Self-Referential Shakespeare

In the final scene of Macbeth, the hero enters asking, “Why should I play the Roman fool, and die on mine own sword?”

In the final scene of Julius Caesar, Brutus tries to convince one of his soldiers, “Good Volumnius, Thou know’st that we two went to school together: Even for that our love of old, I prithee, Hold thou my sword-hilts, whilst I run on it.”

Anybody got another spot where it looks like one Shakespeare play references another?

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5 thoughts on “Self-Referential Shakespeare

  1. Anonymous says:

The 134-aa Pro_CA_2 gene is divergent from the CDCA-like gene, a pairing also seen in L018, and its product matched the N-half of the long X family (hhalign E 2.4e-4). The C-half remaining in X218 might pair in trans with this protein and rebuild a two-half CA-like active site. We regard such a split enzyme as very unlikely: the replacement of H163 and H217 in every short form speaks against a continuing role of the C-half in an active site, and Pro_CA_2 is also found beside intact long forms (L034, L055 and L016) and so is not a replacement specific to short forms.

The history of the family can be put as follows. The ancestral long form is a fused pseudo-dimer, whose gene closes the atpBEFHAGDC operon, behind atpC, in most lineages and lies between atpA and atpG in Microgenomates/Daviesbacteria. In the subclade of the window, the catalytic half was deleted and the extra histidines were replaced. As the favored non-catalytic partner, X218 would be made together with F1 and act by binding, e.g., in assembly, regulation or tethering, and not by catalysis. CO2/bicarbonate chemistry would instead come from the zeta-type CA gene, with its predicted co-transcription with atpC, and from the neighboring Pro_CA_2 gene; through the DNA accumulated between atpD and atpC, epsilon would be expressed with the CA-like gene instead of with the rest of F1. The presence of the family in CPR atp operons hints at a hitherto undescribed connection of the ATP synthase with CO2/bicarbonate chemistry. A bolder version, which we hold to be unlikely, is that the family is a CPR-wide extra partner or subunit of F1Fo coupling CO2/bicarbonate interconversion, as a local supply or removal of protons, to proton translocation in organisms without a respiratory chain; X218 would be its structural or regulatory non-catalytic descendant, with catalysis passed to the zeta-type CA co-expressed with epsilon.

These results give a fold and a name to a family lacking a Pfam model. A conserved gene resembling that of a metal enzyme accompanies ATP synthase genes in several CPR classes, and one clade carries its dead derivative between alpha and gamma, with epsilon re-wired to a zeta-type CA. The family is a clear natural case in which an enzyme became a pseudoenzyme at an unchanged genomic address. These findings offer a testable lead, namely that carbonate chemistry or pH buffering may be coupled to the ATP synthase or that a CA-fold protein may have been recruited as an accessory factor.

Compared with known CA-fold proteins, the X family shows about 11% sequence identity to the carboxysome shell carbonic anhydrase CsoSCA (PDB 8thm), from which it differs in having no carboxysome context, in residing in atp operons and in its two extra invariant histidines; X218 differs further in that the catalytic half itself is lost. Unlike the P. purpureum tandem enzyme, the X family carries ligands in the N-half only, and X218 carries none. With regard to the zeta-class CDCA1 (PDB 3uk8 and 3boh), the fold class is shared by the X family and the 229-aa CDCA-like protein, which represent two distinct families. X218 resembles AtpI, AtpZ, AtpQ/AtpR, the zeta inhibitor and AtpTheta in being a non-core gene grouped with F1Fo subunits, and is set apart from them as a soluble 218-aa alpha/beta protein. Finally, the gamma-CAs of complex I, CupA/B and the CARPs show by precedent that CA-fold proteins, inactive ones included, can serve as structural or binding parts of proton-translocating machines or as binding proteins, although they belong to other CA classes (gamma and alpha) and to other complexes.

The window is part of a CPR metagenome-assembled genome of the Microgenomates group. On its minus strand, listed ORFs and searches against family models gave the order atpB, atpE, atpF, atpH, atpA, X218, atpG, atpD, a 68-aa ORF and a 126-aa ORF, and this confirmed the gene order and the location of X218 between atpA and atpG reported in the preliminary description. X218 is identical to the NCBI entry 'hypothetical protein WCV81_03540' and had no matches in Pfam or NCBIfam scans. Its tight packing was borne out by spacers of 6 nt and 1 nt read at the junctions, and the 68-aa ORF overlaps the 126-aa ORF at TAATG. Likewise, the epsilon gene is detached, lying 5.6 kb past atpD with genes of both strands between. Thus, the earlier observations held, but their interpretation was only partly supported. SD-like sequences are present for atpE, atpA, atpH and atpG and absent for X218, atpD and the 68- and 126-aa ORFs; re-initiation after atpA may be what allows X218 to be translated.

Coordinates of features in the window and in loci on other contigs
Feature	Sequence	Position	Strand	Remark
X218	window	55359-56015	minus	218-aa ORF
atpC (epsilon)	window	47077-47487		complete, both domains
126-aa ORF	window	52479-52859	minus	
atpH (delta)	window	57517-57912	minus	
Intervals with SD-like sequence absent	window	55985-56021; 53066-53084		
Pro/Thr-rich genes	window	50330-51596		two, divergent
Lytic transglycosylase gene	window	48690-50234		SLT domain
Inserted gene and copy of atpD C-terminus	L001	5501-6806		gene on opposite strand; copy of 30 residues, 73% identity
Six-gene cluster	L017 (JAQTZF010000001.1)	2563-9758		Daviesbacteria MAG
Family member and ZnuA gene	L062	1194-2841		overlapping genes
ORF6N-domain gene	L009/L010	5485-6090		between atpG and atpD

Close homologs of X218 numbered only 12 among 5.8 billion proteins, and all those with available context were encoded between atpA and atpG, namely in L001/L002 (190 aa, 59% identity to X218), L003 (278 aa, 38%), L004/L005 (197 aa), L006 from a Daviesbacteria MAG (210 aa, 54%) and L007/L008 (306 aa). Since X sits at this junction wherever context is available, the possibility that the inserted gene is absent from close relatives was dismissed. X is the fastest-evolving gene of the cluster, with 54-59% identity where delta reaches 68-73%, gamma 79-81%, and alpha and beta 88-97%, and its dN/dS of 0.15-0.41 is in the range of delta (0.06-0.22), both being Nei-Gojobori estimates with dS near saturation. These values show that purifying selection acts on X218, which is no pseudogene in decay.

From “Hamlet”:
    Polonius. I did enact Julius Caesar; I was kill’d i’ th’ Capitol; Brutus
    kill’d me.

  2. But, is this referencing another of his plays, or just the actual story of Julius Caesar that he based his play on?

  3. Anonymous says:

    preya raises a good question and I don’t know the answer, but it’s interesting that Shakespeare mentions Julius Caesar at least three different times in “Hamlet”.

  4. Well to be fair, Preya, I did say “looks like.”

    Is it known for sure whether Julius Caesar was performed before Hamlet? I thought I recalled Shakespeare wrote them in the same year. If so, then it certainly could be an inside joke – it could actually be true that the actor playing Polonius really did play Caesar! I’m sure the audience would have gotten a kick out of that.

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